Also, at the downstream of the registration roller pair 407, an electrostatic-adsorbing transportation-transfer belt (hereinafter, referred to as an ETB) 409 is disposed. The ETB 409 has an absorption roller 500 disposed thereon, serving as an absorbing mechanism for charging the recording paper 32, serving as a transfer material, such that the recording paper 32 is electrostatically adsorbed to and transported by the ETB 409. On the ETB 409, images formed by an image forming section composed of process cartridges 410Y, 410M, 410C, and 410B and scanner units 420Y, 420M, 420C, and 420B respectively for four colors (yellow Y, magenta M, cyan C, and black B) (hereinafter, in a common description for four colors, referred to as, e.g., a process cartridge 410 by omitting reference characters “Y”, “M, C”, and “B”), which will be described later, are sequentially overlaid by transfer rollers 430Y, 430M, 430C, and 430B, thereby forming a color image and transferring it onto the recording paper 32.
Further downstream of the registration roller pair 407, as a fixing section configured to thermally fix a toner image transferred on the recording paper 32 to the same, a pair of a fixing sleeve 433 and a pressure roller 434 respectively serving as a fixing member having a heating heater 432 and a pressing mechanism are disposed. Also, in order to transport the recording paper 32 from the fixing sleeve 433, a fixed-paper discharging roller pair 435, and a fixed-paper discharging sensor 436 configured to detect the transporting state of the recording paper 32 from the fixing section are disposed.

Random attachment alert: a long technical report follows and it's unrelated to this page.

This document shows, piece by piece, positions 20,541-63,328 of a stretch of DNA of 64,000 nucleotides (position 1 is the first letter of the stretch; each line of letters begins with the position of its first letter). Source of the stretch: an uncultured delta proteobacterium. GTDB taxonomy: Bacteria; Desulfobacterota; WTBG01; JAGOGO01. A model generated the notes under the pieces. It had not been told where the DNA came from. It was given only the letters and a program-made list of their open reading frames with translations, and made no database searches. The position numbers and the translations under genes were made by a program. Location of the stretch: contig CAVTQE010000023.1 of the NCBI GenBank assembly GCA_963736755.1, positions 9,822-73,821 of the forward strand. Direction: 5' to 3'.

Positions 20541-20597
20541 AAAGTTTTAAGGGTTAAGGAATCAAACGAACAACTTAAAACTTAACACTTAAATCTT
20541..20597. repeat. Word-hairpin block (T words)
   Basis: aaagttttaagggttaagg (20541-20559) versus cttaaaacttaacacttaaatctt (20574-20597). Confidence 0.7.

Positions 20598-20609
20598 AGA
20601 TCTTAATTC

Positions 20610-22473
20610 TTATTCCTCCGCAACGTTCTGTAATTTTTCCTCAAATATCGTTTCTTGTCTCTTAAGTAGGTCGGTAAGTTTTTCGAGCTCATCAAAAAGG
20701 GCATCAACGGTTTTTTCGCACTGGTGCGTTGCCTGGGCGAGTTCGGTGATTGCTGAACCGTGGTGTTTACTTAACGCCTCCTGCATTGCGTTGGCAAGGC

Each of the scanner units 420 includes a laser unit 421 illuminating laser light modulated on the basis of the corresponding image signal transmitted from a video controller 440, which will be described later, two components of a polygon mirror 422 and a scanner motor 423 so as to scan the laser light emitted from the corresponding laser unit 421, on a corresponding photosensitive drum 305, and an image-forming lens group 424. Each of the process cartridges 410 includes the photosensitive drum 305, an electrostatic charging roller 303, a developing roller 302, and a toner cartridge 411, needed for a known electrophotographic process and detachable to the laser printer 401. Upon receiving image data transmitted from an external apparatus 441 such as a personal computer, the video controller 440 develops the image data as bitmap data and generates an image signal for forming an image.